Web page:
What would you do if you were able to suddenly empty out your desk and walk out of your office, without plans of ever returning?

The main character in my favorite book, “Miss Benson’s Beetle,” faced this situation, which gives us all something to think about in the age of the pandemic.

In the story, Miss Benson is a middle-aged British woman without adventure, fulfillment or much romance in her life. Ridiculed and belittled by everyone, she longs for a better existence.

One day, she finally reaches the end of her rope, and she walks away from her job to follow a childhood dream. She and a woman she befriends travel to a remote island on the other side of the world. There, they search for a beetle that had yet to be categorized by British scientists at the time.

Fortunately for Miss Benson, she has enough resources to make her trip. She also has no responsibilities, other than ones she made for herself. Not all of us are as fortunate as she.

But we should be.

Years ago, I left an OK job to do something different. I spent the next two years emptying my bank account and going back to school to study instrumentation. After I completed my education, I started a new career at which I instantly failed.

If you see me, and you want a laugh, ask me about my two-week employment at a potato plant.

Without savings, and having spent a couple of years out of the newspaper business, I was lost and took the first job available to me.

It was retail, and, though my workmates, managers and many customers were nice, many customers were not. I would come home every day for around two years feeling miserable, and I knew many of my co-workers were feeling the same way.

When the pandemic hit, things got even worse. Customers became combative over mask mandates and others seemed angry without any provocation. A few people regularly greeted me with expletives.

A lot of my co-workers responded productively to this mood shift, and they had advice for me. I should not take things personally, they said. Rather, I should continue to serve, keeping in mind the value I had to our community. We were essential, they said.

I tried, but was not able to keep their mindset. I was already disappointed about the direction of my life, and the new, angry attitude of others was not sitting well with me. It was also proving infectious. I, too, was getting angrier.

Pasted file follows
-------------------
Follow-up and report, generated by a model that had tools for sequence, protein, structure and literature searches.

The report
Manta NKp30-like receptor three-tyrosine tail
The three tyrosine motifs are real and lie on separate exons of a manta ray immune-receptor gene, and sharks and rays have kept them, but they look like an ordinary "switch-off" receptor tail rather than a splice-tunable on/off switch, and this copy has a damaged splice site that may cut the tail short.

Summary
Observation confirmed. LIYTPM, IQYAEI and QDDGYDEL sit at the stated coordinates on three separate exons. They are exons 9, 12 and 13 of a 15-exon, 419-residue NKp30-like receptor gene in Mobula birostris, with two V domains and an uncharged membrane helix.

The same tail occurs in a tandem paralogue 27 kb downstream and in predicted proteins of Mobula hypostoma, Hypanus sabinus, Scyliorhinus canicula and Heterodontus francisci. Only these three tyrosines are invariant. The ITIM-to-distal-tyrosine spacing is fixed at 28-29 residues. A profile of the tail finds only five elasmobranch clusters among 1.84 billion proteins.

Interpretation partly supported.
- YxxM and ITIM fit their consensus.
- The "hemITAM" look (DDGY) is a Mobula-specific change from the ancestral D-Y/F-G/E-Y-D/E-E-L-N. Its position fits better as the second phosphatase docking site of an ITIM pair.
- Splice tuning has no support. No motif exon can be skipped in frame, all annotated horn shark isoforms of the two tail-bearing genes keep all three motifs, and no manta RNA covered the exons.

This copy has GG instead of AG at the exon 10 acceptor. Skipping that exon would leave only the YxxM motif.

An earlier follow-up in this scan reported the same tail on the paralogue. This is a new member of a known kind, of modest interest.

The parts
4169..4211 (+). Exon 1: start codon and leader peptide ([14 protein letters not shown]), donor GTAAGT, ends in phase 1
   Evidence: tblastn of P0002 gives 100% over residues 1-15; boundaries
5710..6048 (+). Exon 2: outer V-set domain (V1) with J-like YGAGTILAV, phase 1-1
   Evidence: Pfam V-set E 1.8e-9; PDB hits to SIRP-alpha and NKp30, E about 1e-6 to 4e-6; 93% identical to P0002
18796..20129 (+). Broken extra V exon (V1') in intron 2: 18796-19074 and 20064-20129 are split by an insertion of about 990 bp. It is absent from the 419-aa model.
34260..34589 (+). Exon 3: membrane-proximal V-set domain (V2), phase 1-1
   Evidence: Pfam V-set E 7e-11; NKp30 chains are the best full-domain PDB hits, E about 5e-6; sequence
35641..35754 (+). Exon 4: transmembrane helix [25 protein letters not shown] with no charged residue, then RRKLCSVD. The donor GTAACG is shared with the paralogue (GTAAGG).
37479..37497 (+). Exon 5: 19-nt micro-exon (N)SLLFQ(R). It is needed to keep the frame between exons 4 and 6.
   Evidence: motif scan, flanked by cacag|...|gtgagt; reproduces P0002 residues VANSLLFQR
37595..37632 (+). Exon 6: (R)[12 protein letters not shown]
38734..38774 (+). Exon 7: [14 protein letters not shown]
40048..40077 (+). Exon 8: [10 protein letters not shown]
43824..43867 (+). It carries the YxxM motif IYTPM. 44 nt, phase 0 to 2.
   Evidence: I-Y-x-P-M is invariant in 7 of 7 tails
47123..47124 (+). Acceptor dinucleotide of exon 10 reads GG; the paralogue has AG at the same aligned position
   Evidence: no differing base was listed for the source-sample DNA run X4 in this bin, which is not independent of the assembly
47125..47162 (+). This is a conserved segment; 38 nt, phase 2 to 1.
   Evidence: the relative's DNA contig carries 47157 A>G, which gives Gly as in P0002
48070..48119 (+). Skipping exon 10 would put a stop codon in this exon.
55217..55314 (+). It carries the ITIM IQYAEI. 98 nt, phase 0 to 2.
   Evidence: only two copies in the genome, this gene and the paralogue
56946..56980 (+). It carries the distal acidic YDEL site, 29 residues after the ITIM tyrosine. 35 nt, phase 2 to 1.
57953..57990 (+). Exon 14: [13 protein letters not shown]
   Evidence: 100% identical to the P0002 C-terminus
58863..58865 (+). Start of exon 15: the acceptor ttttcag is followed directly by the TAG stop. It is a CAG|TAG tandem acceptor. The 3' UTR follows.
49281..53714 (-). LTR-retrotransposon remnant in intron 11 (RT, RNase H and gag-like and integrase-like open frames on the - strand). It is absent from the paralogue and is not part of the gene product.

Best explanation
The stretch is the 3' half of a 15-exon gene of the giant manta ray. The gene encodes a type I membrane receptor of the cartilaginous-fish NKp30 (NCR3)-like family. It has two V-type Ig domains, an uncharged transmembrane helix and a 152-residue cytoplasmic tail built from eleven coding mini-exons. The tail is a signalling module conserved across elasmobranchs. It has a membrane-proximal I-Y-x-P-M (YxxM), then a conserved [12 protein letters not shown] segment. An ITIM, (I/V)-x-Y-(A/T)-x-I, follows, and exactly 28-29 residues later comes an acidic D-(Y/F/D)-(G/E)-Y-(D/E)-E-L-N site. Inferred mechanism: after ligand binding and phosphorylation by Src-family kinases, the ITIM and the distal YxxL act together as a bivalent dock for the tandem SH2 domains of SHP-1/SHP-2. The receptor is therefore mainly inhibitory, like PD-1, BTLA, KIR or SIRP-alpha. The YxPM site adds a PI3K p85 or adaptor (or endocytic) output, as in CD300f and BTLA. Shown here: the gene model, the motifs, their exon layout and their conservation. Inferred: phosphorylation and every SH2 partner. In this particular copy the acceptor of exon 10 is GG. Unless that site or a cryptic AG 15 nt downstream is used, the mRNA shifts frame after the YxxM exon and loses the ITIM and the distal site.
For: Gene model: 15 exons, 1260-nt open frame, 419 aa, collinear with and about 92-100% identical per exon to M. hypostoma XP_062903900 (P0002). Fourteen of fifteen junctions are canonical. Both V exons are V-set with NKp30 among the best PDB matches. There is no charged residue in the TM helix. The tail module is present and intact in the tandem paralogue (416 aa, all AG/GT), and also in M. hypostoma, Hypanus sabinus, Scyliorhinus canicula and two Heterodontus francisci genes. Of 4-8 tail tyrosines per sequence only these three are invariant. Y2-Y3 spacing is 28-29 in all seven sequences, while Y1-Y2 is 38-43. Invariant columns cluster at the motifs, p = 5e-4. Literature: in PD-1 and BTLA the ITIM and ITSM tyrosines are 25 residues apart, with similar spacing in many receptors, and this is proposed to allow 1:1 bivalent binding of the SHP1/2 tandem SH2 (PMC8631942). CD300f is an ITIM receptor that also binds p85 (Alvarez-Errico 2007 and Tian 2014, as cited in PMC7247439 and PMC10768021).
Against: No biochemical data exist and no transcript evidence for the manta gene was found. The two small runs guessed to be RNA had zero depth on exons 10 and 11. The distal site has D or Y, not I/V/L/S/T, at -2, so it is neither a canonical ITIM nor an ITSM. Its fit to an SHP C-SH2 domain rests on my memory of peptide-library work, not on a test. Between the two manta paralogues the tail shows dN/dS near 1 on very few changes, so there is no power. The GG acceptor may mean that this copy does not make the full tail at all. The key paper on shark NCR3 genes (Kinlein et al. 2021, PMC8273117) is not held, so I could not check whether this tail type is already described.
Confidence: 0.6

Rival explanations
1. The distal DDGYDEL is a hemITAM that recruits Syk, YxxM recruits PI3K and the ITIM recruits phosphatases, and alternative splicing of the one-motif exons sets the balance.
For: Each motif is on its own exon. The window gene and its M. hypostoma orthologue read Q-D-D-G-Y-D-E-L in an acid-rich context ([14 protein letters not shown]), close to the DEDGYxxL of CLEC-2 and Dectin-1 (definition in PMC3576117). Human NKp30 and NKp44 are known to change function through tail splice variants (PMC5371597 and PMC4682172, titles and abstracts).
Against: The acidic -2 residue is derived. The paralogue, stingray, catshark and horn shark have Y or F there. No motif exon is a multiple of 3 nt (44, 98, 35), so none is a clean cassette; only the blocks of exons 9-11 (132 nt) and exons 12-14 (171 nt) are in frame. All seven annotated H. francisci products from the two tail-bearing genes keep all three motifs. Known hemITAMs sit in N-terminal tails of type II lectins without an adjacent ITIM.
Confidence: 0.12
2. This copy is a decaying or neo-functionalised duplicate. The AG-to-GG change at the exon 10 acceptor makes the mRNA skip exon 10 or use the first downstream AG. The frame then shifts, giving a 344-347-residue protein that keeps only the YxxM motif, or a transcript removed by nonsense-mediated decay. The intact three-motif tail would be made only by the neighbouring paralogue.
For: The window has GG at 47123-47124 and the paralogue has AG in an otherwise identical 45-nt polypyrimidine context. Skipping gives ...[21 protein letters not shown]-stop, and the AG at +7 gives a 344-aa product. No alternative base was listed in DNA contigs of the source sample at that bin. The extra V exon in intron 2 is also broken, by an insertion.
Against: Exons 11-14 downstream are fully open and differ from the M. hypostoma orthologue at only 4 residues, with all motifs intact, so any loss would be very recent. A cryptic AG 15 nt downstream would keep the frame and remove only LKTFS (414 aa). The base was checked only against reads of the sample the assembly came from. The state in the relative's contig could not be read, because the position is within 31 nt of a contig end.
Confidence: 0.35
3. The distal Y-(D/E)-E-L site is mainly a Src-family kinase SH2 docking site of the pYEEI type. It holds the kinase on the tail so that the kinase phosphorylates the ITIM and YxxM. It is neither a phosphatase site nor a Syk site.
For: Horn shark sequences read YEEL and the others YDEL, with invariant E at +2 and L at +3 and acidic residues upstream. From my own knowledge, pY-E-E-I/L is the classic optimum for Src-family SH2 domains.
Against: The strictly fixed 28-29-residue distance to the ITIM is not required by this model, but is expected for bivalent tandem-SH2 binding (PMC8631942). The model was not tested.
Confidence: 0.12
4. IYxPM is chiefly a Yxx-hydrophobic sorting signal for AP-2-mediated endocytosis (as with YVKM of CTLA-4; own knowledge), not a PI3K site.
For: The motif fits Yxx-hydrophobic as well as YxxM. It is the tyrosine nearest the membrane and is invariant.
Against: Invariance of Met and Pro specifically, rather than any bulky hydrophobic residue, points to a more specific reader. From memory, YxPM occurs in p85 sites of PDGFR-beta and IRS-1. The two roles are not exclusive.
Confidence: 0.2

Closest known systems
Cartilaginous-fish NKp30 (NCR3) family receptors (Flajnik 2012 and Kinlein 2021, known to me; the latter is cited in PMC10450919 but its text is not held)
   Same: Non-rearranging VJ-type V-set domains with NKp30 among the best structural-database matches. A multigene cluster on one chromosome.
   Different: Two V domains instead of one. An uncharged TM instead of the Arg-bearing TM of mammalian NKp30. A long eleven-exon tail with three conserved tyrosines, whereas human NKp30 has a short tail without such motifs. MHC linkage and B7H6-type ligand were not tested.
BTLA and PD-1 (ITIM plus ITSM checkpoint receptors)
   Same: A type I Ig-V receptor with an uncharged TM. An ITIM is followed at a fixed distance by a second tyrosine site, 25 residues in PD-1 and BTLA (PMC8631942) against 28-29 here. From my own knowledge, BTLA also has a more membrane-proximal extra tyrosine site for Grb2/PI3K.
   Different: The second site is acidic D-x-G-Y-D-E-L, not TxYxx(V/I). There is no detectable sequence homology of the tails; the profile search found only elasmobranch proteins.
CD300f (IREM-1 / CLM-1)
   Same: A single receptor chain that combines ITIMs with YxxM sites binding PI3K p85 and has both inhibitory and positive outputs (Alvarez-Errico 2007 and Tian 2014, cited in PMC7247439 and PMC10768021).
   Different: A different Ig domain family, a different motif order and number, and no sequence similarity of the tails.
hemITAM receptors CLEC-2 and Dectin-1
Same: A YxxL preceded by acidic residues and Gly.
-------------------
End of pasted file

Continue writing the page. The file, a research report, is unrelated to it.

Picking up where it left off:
Besides, I had medically fragile family members, whose health concerned me. And I had a stepson who needed my help with his schoolwork.

Quitting my job to care for them was not easy. It involved tightening our belts a bit, but we were able to make it work because of my wife’s salaried at-home employment.

I proved to be an excellent caretaker. I cooked, cleaned and cared for my family. By sitting down with one of my stepsons throughout the day, every day, I helped him during a difficult transition to distance learning. He ended one semester of his schooling with a 4.0 GPA.

I did not miss work, but I did apply for available jobs. When a good job, which let me continue caring for my family, became available, I was able to accept it. It is the job I am doing now. Unlike less-fulfilling jobs, the work I am doing now makes me glad. As a response, I put my all into it. I am productive and a better member of our community, which I love more with every passing day.

I know other people who have changed their lives as we all struggle through the pandemic. They have questioned their course, and many of them have charted new ones. They discovered the fragility of life, the brevity of existence. They have reached for more.

For those people who have made brave moves, I applaud you. I also praise those of you who feel demeaned but genuinely have no escape. And I hope for a better world, wherein you have better options. In the meantime, you have my respect, my gratitude and good tips. Thank you.

———

Erick Peterson is the editor and senior reporter of the Hermiston Herald.

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